Technology Investor 

Harry Newton's In Search of The Perfect Investment Technology Investor.

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9:00 AM EST, Friday, December 5, 2008: Maybe it's making a bottom. Maybe it's not. (Most likely, in my opinion, it's not.) But this present stockmarket is "too hard" to play up or down. Too many strange happenings you can't predict -- like hedge fund redemptions, government bailouts and end of day manipulations.

What we know: 70% of GDP is consumer spending. And the consumer is doing awfully. He's losing his job. His spending is frozen -- except at Wal-Mart. And corporate earnings are plummeting.

Bloomberg this morning reported,Payrolls shrank by 533,000 workers in November, the biggest loss since December 1974, after decreasing a revised 320,000 the prior month (October). November's job losses exceeded all estimates in a Bloomberg News survey of 73 economists. The jobless rate rose to 6.7 percent, the highest level since 1993.

This is not the Great Depression, when unemployment topped 33%. But it's also not the roaring 90s or the Housing Boom of earlier this decade.

Robert Toll told CNBC yesterday that things "are in a lot worse shape than six months ago. Everyone's scared to death." He's CEO of luxury home builder, Toll Brothers. His stock (TOL) is, remarkably, holding up.

I'm not into gloom and doom. But the facts are there for all to see. And the implications for all of us are obvious -- Cash is king. Cash buys you opportunities. In today's market, things are getting cheap.

A very profitable New York City tanning salon was put on the market recently for the bargain price of $1 million. (It really was a bargain.) Several weeks later, it will now sell for $500,000. Yes, people are still paying to tan themselves -- at least in Manhattan, where what you look like counts.

Many local businesses are doing great:

+ Home safes. Fearing a collapse of the banks, everyone is bringing cash home. Now the fear is of fire.

+ Consignment stores. Give them your unwanted clothes. You get half of what they sell them for. Sales are booming. Who can afford to shop at Sachs or Niemanns any longer. (Actually, that's not fair. My sources -- my wife and her friends -- tell me these stores have most everything at 50% to 70% off.)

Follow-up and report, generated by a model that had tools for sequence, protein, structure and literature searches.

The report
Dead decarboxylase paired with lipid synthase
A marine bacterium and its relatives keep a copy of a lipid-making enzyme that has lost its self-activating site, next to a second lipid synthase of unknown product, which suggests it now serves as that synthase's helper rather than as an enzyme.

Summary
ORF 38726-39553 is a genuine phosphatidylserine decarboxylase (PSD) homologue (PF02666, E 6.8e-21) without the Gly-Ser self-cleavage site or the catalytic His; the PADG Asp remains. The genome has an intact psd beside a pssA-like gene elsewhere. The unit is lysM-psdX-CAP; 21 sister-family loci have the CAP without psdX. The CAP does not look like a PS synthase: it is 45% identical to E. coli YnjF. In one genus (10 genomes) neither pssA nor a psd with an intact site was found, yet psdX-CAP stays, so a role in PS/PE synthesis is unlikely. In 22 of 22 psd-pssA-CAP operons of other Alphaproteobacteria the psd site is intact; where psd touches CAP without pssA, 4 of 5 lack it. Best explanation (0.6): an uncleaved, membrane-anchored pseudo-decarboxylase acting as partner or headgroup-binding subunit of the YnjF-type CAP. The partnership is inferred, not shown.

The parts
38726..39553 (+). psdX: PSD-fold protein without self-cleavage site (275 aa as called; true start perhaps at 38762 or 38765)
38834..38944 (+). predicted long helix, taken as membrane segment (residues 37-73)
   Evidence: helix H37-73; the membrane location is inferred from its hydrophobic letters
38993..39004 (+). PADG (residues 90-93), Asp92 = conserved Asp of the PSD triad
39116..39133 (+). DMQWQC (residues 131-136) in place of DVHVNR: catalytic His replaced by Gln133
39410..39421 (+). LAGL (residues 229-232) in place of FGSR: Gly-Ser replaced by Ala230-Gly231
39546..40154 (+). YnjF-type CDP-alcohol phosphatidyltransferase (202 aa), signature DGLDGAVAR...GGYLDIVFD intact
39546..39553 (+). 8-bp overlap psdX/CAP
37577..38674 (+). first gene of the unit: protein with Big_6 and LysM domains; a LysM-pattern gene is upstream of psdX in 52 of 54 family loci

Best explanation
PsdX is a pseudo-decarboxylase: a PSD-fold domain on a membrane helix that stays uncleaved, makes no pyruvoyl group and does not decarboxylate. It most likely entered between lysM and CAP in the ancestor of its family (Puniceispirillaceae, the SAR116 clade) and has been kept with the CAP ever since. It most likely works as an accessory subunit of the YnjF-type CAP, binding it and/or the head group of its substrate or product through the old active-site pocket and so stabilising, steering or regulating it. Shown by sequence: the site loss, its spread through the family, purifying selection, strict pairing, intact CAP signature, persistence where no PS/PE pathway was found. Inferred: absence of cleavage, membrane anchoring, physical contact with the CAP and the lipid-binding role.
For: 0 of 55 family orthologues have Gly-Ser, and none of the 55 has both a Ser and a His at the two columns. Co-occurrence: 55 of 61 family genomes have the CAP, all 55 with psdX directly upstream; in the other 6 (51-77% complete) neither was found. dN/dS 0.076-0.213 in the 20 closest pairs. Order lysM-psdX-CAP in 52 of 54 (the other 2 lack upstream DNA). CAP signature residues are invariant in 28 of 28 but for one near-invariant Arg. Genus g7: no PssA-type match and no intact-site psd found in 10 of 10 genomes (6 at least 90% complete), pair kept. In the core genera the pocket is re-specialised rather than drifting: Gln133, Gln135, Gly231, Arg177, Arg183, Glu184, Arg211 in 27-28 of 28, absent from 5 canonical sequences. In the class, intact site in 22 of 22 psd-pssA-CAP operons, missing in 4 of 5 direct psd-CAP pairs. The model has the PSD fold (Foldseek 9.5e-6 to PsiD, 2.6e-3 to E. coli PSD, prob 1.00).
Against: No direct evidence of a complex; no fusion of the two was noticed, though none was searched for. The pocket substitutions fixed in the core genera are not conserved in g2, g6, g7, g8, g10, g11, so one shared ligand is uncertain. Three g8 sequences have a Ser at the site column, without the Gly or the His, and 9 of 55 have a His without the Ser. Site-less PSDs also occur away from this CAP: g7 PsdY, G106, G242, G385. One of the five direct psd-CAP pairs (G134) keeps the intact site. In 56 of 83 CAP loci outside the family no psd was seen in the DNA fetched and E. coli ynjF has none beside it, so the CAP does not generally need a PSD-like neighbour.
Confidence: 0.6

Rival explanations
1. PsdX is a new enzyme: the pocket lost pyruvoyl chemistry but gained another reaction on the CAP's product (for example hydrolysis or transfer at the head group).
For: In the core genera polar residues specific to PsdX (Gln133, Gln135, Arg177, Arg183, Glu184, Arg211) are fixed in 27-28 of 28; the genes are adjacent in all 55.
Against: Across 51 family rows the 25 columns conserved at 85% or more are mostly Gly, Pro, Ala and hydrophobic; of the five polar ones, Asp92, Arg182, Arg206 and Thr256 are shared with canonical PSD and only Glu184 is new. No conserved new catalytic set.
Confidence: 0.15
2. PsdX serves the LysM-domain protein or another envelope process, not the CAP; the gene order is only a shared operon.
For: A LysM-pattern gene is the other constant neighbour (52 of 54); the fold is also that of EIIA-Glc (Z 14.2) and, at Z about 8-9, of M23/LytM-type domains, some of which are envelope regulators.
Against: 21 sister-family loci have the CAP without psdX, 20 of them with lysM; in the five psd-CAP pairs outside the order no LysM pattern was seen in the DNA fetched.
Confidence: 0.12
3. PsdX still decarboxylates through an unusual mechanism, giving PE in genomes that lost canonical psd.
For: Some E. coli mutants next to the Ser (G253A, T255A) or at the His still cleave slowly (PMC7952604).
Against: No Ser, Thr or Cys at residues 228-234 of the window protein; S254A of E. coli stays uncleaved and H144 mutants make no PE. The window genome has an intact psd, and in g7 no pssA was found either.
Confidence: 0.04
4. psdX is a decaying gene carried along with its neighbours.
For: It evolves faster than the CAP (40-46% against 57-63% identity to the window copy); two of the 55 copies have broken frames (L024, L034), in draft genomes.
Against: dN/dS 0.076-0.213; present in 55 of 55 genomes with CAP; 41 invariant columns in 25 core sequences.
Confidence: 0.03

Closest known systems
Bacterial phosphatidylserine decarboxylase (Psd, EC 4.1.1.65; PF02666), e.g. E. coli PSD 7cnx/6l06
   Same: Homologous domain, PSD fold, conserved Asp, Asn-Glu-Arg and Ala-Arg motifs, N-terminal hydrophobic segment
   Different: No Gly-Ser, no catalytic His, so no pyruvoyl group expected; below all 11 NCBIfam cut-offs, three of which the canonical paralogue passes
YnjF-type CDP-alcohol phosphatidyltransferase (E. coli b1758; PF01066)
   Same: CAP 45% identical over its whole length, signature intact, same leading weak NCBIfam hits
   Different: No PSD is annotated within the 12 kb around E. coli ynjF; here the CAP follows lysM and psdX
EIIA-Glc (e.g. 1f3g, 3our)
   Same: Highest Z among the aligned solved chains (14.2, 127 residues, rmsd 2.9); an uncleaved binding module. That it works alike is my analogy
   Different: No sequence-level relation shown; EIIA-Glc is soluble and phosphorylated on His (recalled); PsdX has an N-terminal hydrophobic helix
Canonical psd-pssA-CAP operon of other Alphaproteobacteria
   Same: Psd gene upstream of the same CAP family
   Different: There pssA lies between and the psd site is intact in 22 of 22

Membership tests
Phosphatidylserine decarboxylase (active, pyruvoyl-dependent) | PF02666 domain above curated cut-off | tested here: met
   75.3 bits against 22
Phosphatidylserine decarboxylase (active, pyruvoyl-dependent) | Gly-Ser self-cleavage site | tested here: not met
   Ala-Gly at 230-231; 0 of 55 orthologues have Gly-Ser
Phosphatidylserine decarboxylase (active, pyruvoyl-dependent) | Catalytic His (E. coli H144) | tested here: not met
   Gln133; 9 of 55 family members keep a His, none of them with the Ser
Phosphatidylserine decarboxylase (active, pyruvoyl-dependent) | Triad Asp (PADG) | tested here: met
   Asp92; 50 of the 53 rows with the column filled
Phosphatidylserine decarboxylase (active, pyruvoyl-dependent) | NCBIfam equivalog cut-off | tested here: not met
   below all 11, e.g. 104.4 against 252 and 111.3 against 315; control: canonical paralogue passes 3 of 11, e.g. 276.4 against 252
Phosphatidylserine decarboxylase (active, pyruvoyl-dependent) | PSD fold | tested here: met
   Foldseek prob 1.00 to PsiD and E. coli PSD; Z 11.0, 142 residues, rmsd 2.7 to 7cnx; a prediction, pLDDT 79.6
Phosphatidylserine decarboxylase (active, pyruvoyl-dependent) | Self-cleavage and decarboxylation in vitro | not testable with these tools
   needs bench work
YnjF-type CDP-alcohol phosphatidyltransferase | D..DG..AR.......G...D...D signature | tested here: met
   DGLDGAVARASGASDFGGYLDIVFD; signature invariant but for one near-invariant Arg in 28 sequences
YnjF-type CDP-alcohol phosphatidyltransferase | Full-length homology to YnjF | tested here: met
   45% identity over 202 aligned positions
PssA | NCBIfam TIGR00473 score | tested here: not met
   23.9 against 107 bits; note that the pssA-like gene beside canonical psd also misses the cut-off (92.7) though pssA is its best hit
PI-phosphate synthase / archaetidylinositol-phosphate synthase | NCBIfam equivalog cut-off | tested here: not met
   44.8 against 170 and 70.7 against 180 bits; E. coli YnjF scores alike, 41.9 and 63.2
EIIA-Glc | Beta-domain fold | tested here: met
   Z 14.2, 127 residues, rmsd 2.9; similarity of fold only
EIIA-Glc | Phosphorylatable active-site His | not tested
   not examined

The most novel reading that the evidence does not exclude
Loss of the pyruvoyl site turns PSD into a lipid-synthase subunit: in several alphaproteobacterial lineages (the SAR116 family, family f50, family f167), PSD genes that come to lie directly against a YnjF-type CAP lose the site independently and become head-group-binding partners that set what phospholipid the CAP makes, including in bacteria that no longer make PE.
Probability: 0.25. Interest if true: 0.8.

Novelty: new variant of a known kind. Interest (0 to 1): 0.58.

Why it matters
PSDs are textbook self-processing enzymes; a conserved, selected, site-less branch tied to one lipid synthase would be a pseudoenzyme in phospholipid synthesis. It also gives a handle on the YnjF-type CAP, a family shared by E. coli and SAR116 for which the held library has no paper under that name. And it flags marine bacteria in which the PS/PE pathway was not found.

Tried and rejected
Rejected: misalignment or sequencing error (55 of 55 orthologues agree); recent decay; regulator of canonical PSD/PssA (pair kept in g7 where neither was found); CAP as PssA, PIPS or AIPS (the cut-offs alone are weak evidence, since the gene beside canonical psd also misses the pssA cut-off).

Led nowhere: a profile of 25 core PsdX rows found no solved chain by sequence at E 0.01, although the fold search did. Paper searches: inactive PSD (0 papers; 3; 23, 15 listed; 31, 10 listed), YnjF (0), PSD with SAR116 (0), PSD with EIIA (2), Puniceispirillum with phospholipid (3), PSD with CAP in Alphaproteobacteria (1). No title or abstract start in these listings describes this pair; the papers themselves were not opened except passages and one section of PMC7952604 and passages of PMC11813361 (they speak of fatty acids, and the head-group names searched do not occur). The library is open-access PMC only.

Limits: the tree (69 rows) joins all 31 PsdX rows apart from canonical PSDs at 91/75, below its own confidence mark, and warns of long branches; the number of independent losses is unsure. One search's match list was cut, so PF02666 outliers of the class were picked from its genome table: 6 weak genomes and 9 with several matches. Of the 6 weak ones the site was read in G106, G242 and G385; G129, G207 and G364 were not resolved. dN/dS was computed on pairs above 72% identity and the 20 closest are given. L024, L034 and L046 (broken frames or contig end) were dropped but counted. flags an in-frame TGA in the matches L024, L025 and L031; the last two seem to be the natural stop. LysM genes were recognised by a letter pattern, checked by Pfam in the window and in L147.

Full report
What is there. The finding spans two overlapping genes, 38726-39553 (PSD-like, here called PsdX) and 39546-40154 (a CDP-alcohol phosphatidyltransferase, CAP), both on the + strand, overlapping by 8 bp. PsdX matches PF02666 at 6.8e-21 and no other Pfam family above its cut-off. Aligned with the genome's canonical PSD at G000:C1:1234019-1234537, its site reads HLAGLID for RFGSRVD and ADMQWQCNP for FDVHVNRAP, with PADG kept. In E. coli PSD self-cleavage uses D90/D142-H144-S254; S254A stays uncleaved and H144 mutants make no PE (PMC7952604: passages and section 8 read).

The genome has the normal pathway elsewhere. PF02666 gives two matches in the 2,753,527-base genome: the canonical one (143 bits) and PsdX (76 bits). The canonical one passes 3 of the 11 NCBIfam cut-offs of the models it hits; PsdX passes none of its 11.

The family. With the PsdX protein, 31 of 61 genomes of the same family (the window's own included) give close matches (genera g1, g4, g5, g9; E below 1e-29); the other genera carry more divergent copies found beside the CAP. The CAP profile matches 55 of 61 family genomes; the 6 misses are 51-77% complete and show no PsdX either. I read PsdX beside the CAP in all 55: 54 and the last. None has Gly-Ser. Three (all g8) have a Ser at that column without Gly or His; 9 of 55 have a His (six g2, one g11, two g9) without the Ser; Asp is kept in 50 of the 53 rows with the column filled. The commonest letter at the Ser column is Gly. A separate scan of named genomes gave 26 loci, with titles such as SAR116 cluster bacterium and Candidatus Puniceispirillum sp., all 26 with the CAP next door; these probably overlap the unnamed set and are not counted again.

+ The repo man. He takes your unpaid car or boat. Repo men are highly skilled. He can load your car and be off in under a minute. He's the only person trading up to a bigger house today.

+ The debt settlement business. They negotiate your debts with your creditors, like the credit card companies. They get a 15% fee up front. For their money, they arrange escrow accounts and payment schedules. Typically, they cut your credit card bills by 50%. The credit card companies get screwed.

+ The jewelry liquidation business. Sell them all the gold and diamonds you're no longer wearing You won't get much, since gold, silver, platinum are down. But what you'll get is better than a slap in the belly and better than giving it to your spoiled niece.

+ Divorce lawyers. The typical scenario. "I married you for your money. Now you have no money and you're grouchy 'cause you're dumb and you lost it all. I'm outta here."

Not everything "obvious" is obvious. (OSTK) is down from $30 to $9.36 and it's losing money. No one wants things no one else wants.

Collection attorneys are doing poorly. It's harder to collect. Bankruptcies are up. Business is down 30%.

My idea for the Detroit bailout. Instead of gifting them $34 billion, let's buy cars from them. Let's see, for $34 billion, we can buy 1.36 million cars for an average price of $25,000. Now the White House runs a lottery. Anyone and everyone can submit their name to a special web site. On January 19, the last day of the Bush White House, they pick 1.36 million names out of a hat. Bingo, we've accomplished four things:

1. Everyone (or at least 1.36 million people) will remember George Bush as the greatest president ever.

2. Detroit gets to sell 1.36 million cars it couldn't have.

3. No one has to worry about all the horrid conditions that should be applied on a bailout handout -- like firing all the present incompetent management, reducing union benefits to be competitive with foreign auto makers; cutting back redundant dealerships and reducing the number of brands.

4. Congresspeople and Senators are not eligible for the lottery. That will be their reward for screwing up the TARP and sundry other bailout idiocies in recent months -- like gifting money to Goldman Sachs which promptly paid it all out in employee bonuses.

I haven't bought a Detroit car since my wonderful 1965 Ford Mustang. But I'd take a free GM Volt -- Oops. that one won't be ready in my lifetime.